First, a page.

Why be involved with social networking?
Only you can answer that question. But you do need to answer it. God holds us accountable for all of our decisions and actions. If you’re going to invest precious time and energy into networking with others (live or on-line), then you need a clear answer to the Why? question.
For some, it is a legitimate social outlet – the modern-day equivalent of the backyard fence. Keeping up socially has never been easier, and the ability to upload pictures and videos and make real-time comments is truly gratifying. Social networks are great for stitching together extended families that may be scattered across many states and countries (I was just talking this morning with a couple who got on Skype with parents half-way around the world – literally – on the day of their little daughter’s first steps). And as long it is not interfering with other responsibilities, and isn’t being used in an excessive or addictive fashion, or regularly leading into patterns of sin – there’s a lot to like about social networking.
For others, it can be a form of ministry outreach. Establishing relationships, communicating the gospel, building bridges with a variety of people – social networks are very useful to both individuals and church communities for touching others.
For others (myself included), digital networks are also a legitimate and highly useful business platform. Creating person-to-person networks can lead to tremendous influence and open up whole new realms of opportunity, collaboration, and business growth. People in these categories may be power users of on-line platforms, whose time and effort spent in social networks would be wholly inappropriate for others.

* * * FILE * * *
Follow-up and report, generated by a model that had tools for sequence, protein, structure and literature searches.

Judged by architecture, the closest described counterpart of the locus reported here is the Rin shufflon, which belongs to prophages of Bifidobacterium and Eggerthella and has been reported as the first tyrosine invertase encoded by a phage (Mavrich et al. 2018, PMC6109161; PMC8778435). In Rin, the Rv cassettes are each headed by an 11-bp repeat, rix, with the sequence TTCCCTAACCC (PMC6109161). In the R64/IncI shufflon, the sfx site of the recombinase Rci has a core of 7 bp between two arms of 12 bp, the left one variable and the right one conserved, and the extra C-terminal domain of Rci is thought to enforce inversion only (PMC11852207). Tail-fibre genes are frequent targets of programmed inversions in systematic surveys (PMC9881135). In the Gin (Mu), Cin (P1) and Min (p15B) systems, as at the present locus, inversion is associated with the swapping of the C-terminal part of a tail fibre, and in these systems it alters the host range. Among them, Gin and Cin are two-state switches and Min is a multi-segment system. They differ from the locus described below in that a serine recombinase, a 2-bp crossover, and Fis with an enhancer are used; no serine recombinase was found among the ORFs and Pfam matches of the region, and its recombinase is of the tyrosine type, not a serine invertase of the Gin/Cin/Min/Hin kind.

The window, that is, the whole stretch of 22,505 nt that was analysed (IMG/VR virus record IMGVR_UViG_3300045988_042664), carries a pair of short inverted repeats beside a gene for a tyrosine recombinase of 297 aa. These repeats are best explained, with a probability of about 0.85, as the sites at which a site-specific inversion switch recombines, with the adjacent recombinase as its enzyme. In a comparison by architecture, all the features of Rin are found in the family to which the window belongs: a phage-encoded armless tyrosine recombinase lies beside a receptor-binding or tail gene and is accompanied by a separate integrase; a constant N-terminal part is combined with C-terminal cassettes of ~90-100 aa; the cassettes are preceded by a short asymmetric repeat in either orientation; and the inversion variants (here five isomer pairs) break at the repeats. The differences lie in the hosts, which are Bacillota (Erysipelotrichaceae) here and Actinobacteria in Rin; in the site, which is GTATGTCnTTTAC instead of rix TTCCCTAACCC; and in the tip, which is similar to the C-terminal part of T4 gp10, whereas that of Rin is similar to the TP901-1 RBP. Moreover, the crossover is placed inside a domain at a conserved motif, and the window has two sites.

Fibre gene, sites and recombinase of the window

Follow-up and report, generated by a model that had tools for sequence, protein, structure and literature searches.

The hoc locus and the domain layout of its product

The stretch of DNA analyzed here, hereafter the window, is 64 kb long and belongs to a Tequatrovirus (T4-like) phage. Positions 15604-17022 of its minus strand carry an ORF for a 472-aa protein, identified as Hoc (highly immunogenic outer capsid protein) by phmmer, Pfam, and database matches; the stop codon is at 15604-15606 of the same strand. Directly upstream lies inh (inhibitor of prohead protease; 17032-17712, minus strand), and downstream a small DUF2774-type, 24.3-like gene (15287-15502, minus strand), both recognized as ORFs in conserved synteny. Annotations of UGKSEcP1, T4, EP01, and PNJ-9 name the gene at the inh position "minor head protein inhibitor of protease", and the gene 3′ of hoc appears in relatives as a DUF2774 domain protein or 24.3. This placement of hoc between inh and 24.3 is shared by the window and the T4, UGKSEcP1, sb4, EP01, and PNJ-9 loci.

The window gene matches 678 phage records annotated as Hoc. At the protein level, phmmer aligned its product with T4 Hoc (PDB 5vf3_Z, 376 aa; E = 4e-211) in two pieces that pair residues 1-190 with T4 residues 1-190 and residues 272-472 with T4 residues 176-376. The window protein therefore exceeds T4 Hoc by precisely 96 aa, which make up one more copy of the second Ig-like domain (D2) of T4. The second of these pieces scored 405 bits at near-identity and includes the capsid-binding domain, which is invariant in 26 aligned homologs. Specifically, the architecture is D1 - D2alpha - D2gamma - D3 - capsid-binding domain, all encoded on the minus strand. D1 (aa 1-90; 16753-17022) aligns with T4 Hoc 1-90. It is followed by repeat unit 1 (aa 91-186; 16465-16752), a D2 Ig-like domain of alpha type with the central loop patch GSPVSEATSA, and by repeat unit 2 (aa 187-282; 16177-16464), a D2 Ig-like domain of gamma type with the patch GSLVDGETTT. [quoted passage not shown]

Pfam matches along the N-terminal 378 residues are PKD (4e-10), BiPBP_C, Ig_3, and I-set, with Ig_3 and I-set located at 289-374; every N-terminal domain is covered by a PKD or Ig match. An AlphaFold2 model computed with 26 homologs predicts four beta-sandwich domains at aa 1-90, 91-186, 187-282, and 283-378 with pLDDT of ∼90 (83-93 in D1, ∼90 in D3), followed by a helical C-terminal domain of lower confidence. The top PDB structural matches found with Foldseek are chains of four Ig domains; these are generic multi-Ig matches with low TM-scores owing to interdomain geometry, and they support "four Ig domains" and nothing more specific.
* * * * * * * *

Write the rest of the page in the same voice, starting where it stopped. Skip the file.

For Christians, it may be one or more of the above, simultaneously. It’s important to remember that the purposes we may have for social network involvement are really little different from purposes we’ve always had for whatever we do.
One danger for Christian believers is to take a good purpose (say, sharing Christ’s love and truth in the gospel) and abusing the social platform such that the exact opposite of the desired effect is achieved. For instance, it is easy to hide behind an anonymous identity on-line and shout out the truth with a condemning voice. But would that behavior be welcome if you were in a costume at a shopping center parking lot, screaming into peoples’ ears through a megaphone? Yes, social networks are an incredible means of mass communication – but you can easily communicate that you are an incredible mass of stupid, to a whole lot of people!
Another purpose that has to be carefully watched is the accumulation of on-line influence. Such influence can be a very good thing – if you provide valuable information, helpful encouragement, wise perspectives, and enjoyable banter, you will gain followers (and thus, some level of influence) on-line. There are some very influential and servant-hearted folks active on social networks. But some people are ego-handcuffed to their social media numbers, and, like a couple of notorious apostles, want for themselves positions of honor. None of us will ever be pure from mixed motives, but if you’re far more concerned with what your social audience thinks than what your Savior and Lord thinks…you need to repent more than you need to retweet.
Why be involved? Only you can answer that. Just like with everything else, make sure you have reasons that you can bring before God without shame.
(You may have noticed that there is a picture of a marmot in this post. It has no purpose whatsoever.)